Lemer & Company represented the respondents in this appeal, who obtained mortgage loans from appellants, Household Finance (now owned by HSBC). Lenders are required to disclose the cost of borrowing and, in the required statutory forms, the appellants represented that the respondents were not being charged for legal fees. The respondents allege that they did in fact pay significant legal fees, which were hidden in the charge disclosed for title insurance premiums or fees. Title insurance companies arrange registration as well as the title insurance and the respondents allege that the appellants gained a substantial advantage in the marketplace by claiming their customers were not being charged for legal fees and then hiding them under title insurance premiums or fees.
Two of the proposed representative paid a total of $1,247 for two title insurance policies on mortgages of only $41,399.12 and $13,000. There was evidence at certification that the true cost of title insurance premiums would have been much less – only about $115 for each policy. The Court of Appeal affirmed certification of the two principal causes of action: claims under the Business Practices and Consumer Protection Act and breach of contract.
This decision deals with a couple of interesting points.
Whether or not conduct is deceptive is determined objectively under the It is not necessary to demonstrate that the deceptive act actually deceived a particular consumer. It is enough that it had the capability or tendency to mislead a consumer or even lead a consumer into an error in judgment. There are two means by which a class can obtain compensation. Section 171 provides a private cause of action in which the plaintiff must prove detrimental reliance and causation, leading to individual issues and often making 171 unsuitable for certification. In contrast, section 172 provides a public interest cause of action to anyone in the province, even if the plaintiff has no connection to the conduct in question:
“172 (1) The director or a person other than a supplier, whether or not the person bringing the action has a special interest or any interest under this Act or is affected by a consumer transaction that gives rise to the action, may bring an action in Supreme Court for one or both of the following:
(a) a declaration that an act or practice engaged in or about to be engaged in by a supplier in respect of a consumer transaction contravenes this Act or the regulations;
(b) an interim or permanent injunction restraining a supplier from contravening this Act or the regulations.
(2) If the director brings an action under subsection (1), the director may sue on the director’s own behalf and, at the director’s option, on behalf of consumers generally or a designated class of consumers.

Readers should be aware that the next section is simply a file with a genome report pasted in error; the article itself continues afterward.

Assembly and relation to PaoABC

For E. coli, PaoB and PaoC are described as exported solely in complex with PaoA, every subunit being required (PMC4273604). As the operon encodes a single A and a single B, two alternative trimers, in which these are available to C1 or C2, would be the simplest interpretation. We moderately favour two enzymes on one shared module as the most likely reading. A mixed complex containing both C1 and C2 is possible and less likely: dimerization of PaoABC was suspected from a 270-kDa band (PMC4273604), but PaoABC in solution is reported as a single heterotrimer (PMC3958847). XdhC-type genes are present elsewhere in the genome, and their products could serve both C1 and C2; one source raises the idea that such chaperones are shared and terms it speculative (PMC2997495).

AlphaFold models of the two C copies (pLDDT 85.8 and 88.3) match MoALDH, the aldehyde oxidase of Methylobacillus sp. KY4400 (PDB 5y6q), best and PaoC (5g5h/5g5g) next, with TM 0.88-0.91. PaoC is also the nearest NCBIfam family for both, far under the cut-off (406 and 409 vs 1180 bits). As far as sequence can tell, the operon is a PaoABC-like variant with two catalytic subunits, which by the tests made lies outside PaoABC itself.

(3) If the court grants relief under subsection (1), the court may order one or more of the following:
(a) that the supplier restore to any person any money or other property or thing, in which the person has an interest, that may have been acquired because of a contravention of this Act or the regulations…”
The Supreme Court of Canada in Seidel v. Telus, 2011 SCC 15 described section 172 as follows:
“ As to the statutory context, s. 172 stands out as a public interest remedy (i.e. it is available whether or not the self-appointed plaintiff “is affected by a consumer transaction that gives rise to the action”) as compared with s. 171 (where the plaintiff must be “the person who suffered damage or loss”). The difference in the personal stake (or lack of it) required of a plaintiff is scarcely accidental. Section 171 confers a private cause of action. Section 172 treats the plaintiff as a public interest plaintiff intended to shine a spotlight on allegations of shabby corporate conduct, and the legislative intent thereby manifested should be respected by the court…”
Nonetheless, the appellants argued that both detrimental reliance and causation have to be pleaded in a claim under section 172. We responded by noting that section 172 refers to money that “may have been obtained by suppliers”, indicating that the possibility of effecting consumers is all that is required. We also argued that section 172 contemplates that there is no need to plead reliance or causation because anyone in the province, even those with no connection to the conduct in question, and the Director of Trade Practices, have a cause of action. Obviously, the Director and other uninterested parties would not have suffered damage and would not have relied upon the deceptive conduct. The Court of Appeal agreed and allowed the section 172 claim to proceed in the absence of a plea of causation and detrimental reliance, stating (at paragraph 89) that the “complaint under s. 5 [the deceptive practices provision] opens the way to a claim under s. 172”.
The appellants also argued that, because they received funds for the cost of the title insurance/ legal fees but did not keep the funds and instead passed them to the title insurance company to pay for its services meant that they did not “acquire” the funds and should not be subject to a restoration order. The Court of Appeal agreed that whether the funds were “acquired” (or received under section 104 of the BPCPA, an alternatively pleaded provision) is a triable question.
The Court of Appeal remitted the certification decision back to the B. C. Supreme Court Judge who made the original certification decision to confirm that the class action is the preferable procedure to hear the two causes of action. We are optimistic the Certification Judge will do so.